In principle, a corporation's constitution can be designed in any way so long as it complies with the compulsory rules set down by the state or federal legislature. Most state laws, and the federal government, give a broad freedom to corporations to design the relative rights of directors, shareholders, employees and other stakeholders in the articles of incorporation and the by-laws. These are written down during incorporation, and can usually be amended afterwards according to the state law's procedures, which sometimes place obstacles to amendment by a simple majority of shareholders. In the early 1819 case of Trustees of Dartmouth College v Woodward the US Supreme Court held by a majority that there was a presumption that once a corporate charter was made, the corporation's constitution was subject to "no other control on the part of the Crown than what is expressly or implicitly reserved by the charter itself." On the facts, this meant that because Dartmouth College's charter could not be amended by the New Hampshire legislature, though subsequent state corporation laws subsequently included provisions saying that this could be done. Today there is a general presumption that whatever balance of powers, rights and duties are set down in the constitution remain binding like a contract would. Most corporation statutes start with a presumption (in contrast to old ultra vires rules) that corporations may pursue any purpose that is lawful, whether that is running a profitable business, delivering services to the community, or any other objects that people involved in a corporation may choose. By default, the common law had historically suggested that all decisions are to be taken by a majority of the incorporators, and that by default the board could be removed by a majority of shareholders for a reason they themselves determined. However these default rules will take subject to the constitution that incorporators themselves define, which in turn take subject to state law and federal regulation.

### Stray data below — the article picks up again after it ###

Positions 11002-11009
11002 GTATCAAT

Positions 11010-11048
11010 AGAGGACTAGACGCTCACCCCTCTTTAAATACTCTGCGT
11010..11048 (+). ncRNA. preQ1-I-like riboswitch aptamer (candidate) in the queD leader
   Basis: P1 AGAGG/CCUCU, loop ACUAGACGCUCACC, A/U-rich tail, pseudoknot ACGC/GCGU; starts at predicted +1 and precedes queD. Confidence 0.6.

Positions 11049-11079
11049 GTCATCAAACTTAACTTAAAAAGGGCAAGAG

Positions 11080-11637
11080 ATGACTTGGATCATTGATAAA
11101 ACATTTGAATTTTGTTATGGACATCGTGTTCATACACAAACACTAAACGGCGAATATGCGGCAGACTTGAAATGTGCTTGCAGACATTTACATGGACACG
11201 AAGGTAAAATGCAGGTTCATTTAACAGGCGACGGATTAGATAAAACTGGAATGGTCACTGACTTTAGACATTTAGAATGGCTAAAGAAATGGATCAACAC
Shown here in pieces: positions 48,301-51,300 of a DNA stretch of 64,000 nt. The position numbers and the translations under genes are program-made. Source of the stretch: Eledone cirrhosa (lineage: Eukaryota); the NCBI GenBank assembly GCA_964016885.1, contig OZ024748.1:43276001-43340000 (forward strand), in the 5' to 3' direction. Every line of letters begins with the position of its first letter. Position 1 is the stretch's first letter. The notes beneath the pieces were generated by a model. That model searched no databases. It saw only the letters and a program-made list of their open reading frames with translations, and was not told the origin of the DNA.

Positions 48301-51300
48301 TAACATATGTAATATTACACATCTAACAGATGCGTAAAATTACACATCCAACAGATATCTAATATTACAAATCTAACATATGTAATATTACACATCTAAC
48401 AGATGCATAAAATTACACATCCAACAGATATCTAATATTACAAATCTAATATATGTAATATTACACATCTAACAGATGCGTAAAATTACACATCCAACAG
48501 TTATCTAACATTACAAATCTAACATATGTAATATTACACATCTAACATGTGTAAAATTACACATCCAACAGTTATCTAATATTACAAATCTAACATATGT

Although it is possible to structure corporations differently, the two basic organs in a corporate constitution will invariably be the general meeting of its members (usually shareholders) and the board of directors. Boards of directors themselves have been subject in modern regulation to a growing number of requirements regarding their composition, particularly in federal law for public corporations. Particularly after the Enron scandal, companies listed on the major stock exchanges (the New York Stock Exchange, the NASDAQ, and AMEX) were required to adopt minimum standards on the number of independent directors, and their functions. These rules are enforced through the threat of delisting by the exchange, while the Securities and Exchange Commission works to ensure ultimate oversight. For example, the NYSE Listed Company Manual Rule 303A.01 requires that listed companies have a majority of "independent" directors. "Independence" is in turn defined by Rule 303A.02 as an absence of material business relationship with the corporation, not having worked for the last three years for the corporation as an employee, not receiving over $120,000 in pay, or generally having family members who are. The idea here is that "independent" directors will exercise superior oversight of the executive board members, and thus decrease the likelihood of abuse of power. Specifically, the nominations committee (which makes future board appointments), compensation committee (which sets director pay), and audit committee (which appoints the auditors), are required to be composed of independent directors, as defined by the Rules. Similar requirements for boards have proliferated across many countries, and so exchange rules allow foreign corporations that are listed on an American exchange to follow their home jurisdiction's rules, but to disclose and explain how their practices differ (if at all) to the market. The difficulty, however, is that oversight of executive directors by independent directors still leaves the possibility of personal relationships that develop into a conflict of interest. This raises the importance of the rights that can be exercised against the board as a whole.